LONDON, June 19 (LPC) - Bankers are lining up around €1.7bn of debt financing to back a potential sale of German chemicals group BASF’s construction chemicals business as bidders get ready to submit first round bids in an auction process, banking sources said.
Goldman Sachs is running the sale process of the unit, one of the world’s largest makers of chemical additives for concrete, which could fetch around US$3bn, the sources said.
The sale is attracting a lot of interest from trade buyers and private equity firms and first round bids in an auction process are due June 21, the sources said.
BASF Chief Executive Martin Brudermueller unveiled plans in October to review the unit as the business looks for ways to boost the group’s share price.
“As planned, we started to contact selected interested parties,” a BASF spokesperson said, but declined to comment further.
Some €1.7bn of debt financing equates to around 6 times the unit’s approximate €263m Ebitda, the sources said.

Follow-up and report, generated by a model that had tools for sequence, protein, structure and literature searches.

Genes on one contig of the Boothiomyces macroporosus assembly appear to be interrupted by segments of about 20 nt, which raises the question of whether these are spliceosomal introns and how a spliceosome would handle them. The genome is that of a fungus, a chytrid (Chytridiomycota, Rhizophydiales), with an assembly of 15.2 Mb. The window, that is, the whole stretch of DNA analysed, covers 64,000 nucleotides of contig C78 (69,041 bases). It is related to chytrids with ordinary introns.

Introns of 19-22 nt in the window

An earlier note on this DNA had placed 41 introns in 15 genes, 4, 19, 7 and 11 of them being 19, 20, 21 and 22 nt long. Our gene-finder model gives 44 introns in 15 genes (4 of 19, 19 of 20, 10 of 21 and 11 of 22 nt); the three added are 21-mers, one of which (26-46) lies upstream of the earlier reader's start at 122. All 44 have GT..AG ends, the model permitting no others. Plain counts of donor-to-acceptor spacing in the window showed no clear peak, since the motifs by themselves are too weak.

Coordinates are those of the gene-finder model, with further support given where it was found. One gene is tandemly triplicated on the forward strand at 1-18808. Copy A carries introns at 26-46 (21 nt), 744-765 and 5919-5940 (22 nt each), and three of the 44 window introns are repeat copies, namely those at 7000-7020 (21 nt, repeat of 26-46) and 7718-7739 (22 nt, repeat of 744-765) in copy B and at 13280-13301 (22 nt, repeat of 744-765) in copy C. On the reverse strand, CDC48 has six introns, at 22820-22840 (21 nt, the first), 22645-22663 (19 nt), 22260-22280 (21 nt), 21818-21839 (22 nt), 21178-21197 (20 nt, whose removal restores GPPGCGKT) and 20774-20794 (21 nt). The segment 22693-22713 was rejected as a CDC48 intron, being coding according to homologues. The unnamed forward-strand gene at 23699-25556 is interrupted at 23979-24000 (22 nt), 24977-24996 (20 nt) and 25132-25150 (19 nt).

Banks are expected to fund a buyout with leveraged loans.
Bankers and cash-rich leveraged loan investors are hoping the unit will be sold to private equity following a lack of event-driven financings so far in 2019.
Banks and investors have a lot of money to put to work, which can make financing an acquisition quite attractive as lenders compete against each other to offer the most attractive terms.
However, the unit is drawing comparisons to a €1.785bn leveraged loan backing private equity firm Advent’s acquisition of German chemicals group Evonik’s methacrylates plastics unit, Madrid, which has struggled in syndication having met strong resistance from investors wary about investing in a cyclical business.
Banks stand to make no fees on the Evonik transaction and are likely to be overexposed, holding the remaining paper they were unable to sell down despite deep discounts.
BASF has had two years of declining Ebitda, the sources said.
“Both companies are at the cyclical end of the market but BASF is a difficult carveout and is arguably more cyclical as it is much more construction related. The raw material side and pricing on Evonik is volatile but easy to predict, whereas BASF is far more tied to oil price, which could affect a debt financing,” a senior banker said.
Companies such as Switzerland’s Sika, LafargeHolcim, Saint Gobain, GCP, RPM and Mapei are seen as potential suitors for all or parts of the business, as well as buyout groups such as Advent, Carlyle or CVC, Reuters reported previously. (Editing by Christopher Mangham)